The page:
The test they have used is a stimulus discrimination test. Their results indicated that indeed the rats declined more often on difficult trials (trials in which the stimulus were closely spaced around the men of 4s) as compared to easy trial (in which they had to discriminate widely spaced stimulus (say 2s and 8s). This neatly demonstrates that the rats were internally calculating what their odds of passing the test were, and in case of the difficult test they took the better option of choosing the decline-the-test condition. However I would like to see more of their data and factor out the effcets of risk aversion.

We all know that humans are prone to risk aversion. That is if I present to you an option of choosing a sure amount of 100 rs or a 50% chance of winning 200rs , you would normally choose the fist option, though if one compares the utility function it is the same. In first case you have and expected value of 100 and in the second case too you have an expected value of 100 (0.5*0 +0.5*200). Thus it doesnt make much sense why one would use one over the other. This becomes more interseting when we increase the amount of the risky option. suppose we now have 100 rs assured vis-avis a 50 % chance of 300 rs still , most of us end up choosing the assured sum.

In this setup the utility of declining the test is 3 pellets; while if we assume that the rats have not learned how to discriminate the stimuli; then assuming that they press the levers at random and thus each option of the test condition is equally probable we have the utility as 0.5 *0 +0.5 *6 = 3 pellets. so we have the same situations as with humans. Now taking risk aversion into account, one would find that the rats would decline the test more often in the difficult stimulus conditions as that is a safe and assured option as compared to the take-the-test condition. As a matter of fact I am surprised that there were some rats who did choose the take-the-test condition. I guess men are more meek than mice!!

So the best thing to do would be to take risk-aversion into account and then after factoring it out decide on whether the rats knew (in a conscious sense) that the test is difficult. Risk aversion is mostly sub-conscious and would not involve metacognition. However, the trend of rising declining behaviors with test difficulty does point to the fact that the rats did have some metacognition.

I would love to have this study replicated using a maze (mouse trap sort of) task. In a amze the cognitive map of the maze provides a good indicataor of how much the mice know about the test/ test difficulty and measuring the declining in this case may be directly related to their meta-cognitive abilities.


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Thursday, March 08, 2007

Religion continued: Throwing the baby with the bathwater?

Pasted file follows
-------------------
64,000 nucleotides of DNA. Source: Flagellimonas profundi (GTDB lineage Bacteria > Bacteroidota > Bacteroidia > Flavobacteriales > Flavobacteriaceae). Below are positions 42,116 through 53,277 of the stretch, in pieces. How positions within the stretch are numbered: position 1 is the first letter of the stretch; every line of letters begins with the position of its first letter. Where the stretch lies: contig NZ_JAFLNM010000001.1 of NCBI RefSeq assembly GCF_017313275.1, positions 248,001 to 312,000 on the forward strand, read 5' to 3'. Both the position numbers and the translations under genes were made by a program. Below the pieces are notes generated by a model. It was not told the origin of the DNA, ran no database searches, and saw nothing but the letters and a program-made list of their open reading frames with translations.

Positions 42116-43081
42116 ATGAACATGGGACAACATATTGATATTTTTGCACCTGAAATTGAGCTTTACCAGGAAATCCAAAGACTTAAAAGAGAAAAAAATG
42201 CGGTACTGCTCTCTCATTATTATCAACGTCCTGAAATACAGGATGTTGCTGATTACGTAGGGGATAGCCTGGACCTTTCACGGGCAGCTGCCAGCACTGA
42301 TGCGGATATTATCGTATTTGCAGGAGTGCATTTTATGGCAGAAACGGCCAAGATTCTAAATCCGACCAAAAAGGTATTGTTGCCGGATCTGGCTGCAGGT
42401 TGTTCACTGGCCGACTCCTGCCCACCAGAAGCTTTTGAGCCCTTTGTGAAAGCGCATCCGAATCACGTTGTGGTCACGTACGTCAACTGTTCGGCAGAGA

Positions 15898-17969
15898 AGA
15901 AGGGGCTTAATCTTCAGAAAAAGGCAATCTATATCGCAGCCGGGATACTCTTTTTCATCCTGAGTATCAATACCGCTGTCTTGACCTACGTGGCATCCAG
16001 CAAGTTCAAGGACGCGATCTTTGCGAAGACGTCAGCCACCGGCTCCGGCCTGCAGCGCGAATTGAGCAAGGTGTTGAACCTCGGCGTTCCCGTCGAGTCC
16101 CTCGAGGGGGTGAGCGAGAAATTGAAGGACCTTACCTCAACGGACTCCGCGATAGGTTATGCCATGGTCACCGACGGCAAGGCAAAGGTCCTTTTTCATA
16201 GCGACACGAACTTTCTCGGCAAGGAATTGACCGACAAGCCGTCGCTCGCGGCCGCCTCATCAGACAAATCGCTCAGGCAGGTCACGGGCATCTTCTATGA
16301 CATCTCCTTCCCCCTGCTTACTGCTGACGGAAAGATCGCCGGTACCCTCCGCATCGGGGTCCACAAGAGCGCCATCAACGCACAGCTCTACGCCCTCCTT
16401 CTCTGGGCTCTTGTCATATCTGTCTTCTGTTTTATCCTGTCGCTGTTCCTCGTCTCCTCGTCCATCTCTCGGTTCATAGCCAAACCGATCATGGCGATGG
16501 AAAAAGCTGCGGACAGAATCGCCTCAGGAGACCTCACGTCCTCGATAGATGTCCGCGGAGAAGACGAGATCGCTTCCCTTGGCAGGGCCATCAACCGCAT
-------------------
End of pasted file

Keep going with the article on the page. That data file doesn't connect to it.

I recently came across the work of Norenzayen et al regarding the linkage between religion and tolerance (courtesy Mixing Memory) and found some surprising commonalities with the views I have espoused earlier.

For one they talk about the need for religion and accept it as a human universal. They also note some aspects of the religious belief that are universal.

Anthropologically-speaking, there is a near universality of 1) belief in supernatural agents who 2) relieve existential anxieties such as death and deception, but 3) demand passionate and self-sacrificing social commitments, which are 4) validated through emotional ritual (Atran & Norenzayan, 2004). There are salient similarities to be found between even the most radically divergent cultures and religions (Norenzayan & Heine, 2005).

One can see that these have clear parallels with the autism/ schizophrenic differences on four dimensions I highlighted yesterday. Specifically:

  1. Agency: belief in supernatural agency in religious people
  2. Meaning: religious beliefs give meaning and relive existential anxieties like those of death (Terror Management theory)
  3. Causal and Magical thinking: leading to rituals, and pro-social behaviors in the religious people
  4. Experience: An emotional and ecstatic experience of oneness with others in the devotees and mediators.
The book chapter goes on to describe the two aspects of religiosity: a subjective/natural one and a objective-coalitional one. To put in simple words, one is belief in a personal , felt and experienced god (combining 1 and 4 above) and the other is the traditional scripture and culture driven coalitional religion that binds people together and provides them wioth a sense of meaning and purpose (combining 2 and 3 above).

For centuries, those who have attempted to explain religion (and even those who have propagated certain religions) have often distinguished two aspects of religion, treating them not only as distinct but also as opposites.

Dual understandings of religion generally consider a sense of the omnipresence of the divine (whether sensed directly and spontaneously or with the aid of prayer, meditation or drug-ingestion) more subjective/natural than it is socially transmitted/cultural.